Experts Urge Protection Against Deadly Allergic Reactions
New campaign helps Americans defend against anaphylaxis
FRIDAY, Aug. 25, 2006 (HealthDay News) -- U.S. experts are launching a public education campaign to raise awareness about the severe allergic reaction known as anaphylaxis to help prevent needless deaths.
Anaphylaxis occurs suddenly and can affect many parts of the body at once, explain experts at the American College of Emergency Physicians and the American College of Allergy, Asthma and Immunology. Common causes are food, insect stings, medications, and latex. Anaphylaxis causes up to 1,500 deaths a year in the United States.
The Be S.A.F.E. campaign includes an "action guide" brochure and Web site resources at www.acaai.org/public/.
"Many deaths from anaphylaxis are preventable with immediate medical attention," allergist Dr. Phil Lieberman, co-chair of the campaign, said in a prepared statement. "For some, especially those with asthma, it can take just one to two minutes for a mild allergic reaction to escalate to anaphylaxis. That's why it's critical for people to know how to take action."
Symptoms of a severe allergic reaction may include hives; itchiness and redness on the skin, eyelids, lips or other parts of the body; swelling of the tongue, throat and nose; nausea, cramping and vomiting or diarrhea; dizziness and fainting or loss of consciousness; and wheezing or difficulty breathing.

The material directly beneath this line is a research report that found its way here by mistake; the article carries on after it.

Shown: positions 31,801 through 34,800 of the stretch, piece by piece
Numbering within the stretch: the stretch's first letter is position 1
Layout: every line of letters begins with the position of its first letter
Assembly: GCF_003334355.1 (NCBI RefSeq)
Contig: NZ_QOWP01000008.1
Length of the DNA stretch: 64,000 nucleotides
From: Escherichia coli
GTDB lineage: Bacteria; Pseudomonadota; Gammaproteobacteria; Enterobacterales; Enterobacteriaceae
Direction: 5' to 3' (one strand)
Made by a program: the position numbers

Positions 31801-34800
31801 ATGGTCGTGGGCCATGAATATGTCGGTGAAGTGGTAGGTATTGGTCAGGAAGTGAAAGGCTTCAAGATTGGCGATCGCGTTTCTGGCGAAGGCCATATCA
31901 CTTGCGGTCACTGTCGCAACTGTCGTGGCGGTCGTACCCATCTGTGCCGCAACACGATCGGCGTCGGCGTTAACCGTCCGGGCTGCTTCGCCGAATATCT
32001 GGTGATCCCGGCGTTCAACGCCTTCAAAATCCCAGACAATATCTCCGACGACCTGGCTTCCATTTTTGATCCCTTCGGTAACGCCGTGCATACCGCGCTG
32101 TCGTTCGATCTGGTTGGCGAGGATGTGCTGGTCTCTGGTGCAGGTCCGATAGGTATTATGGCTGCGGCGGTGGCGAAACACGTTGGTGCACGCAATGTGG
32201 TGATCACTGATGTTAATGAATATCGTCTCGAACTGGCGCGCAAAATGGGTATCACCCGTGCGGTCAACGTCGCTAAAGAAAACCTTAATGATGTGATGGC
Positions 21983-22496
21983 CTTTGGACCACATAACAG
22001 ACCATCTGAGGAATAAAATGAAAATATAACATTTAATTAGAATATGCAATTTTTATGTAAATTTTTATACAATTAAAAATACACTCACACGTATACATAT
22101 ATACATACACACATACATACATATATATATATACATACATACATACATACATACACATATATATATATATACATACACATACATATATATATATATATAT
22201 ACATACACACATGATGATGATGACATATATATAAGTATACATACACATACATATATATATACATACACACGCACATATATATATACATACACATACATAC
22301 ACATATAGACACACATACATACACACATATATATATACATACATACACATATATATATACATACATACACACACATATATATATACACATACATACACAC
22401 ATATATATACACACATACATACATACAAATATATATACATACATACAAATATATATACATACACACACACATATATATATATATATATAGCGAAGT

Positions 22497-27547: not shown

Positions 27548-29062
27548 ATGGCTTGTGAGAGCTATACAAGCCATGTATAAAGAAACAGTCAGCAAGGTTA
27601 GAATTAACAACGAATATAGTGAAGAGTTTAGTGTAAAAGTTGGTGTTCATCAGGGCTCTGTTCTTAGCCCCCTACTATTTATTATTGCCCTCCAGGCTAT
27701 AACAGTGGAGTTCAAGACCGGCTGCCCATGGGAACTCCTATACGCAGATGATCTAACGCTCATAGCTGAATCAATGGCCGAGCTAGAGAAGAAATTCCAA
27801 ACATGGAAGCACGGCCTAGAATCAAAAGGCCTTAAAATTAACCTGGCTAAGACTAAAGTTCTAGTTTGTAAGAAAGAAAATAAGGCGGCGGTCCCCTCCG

The Be S.A.F.E. guide recommends the following steps to take during and after an allergic emergency:
- Seek immediate medical help. Call 911 or your local emergency number and get to the nearest emergency facility at the first sign of a reaction, even if you've already administered the anti-allergy drug epinephrine.
- Identify the allergen.
- Follow up with an allergist/immunologist who can provide testing, diagnosis, and a treatment plan to help manage the allergy.
- Carry epinephrine for emergencies. People at risk for anaphylaxis are often prescribed kits with fast-acting, self-administered epinephrine shots. People with severe allergies and those around them should know where the kit is and how to give an injection.
The U.S. National Library of Medicine has more about anaphylaxis.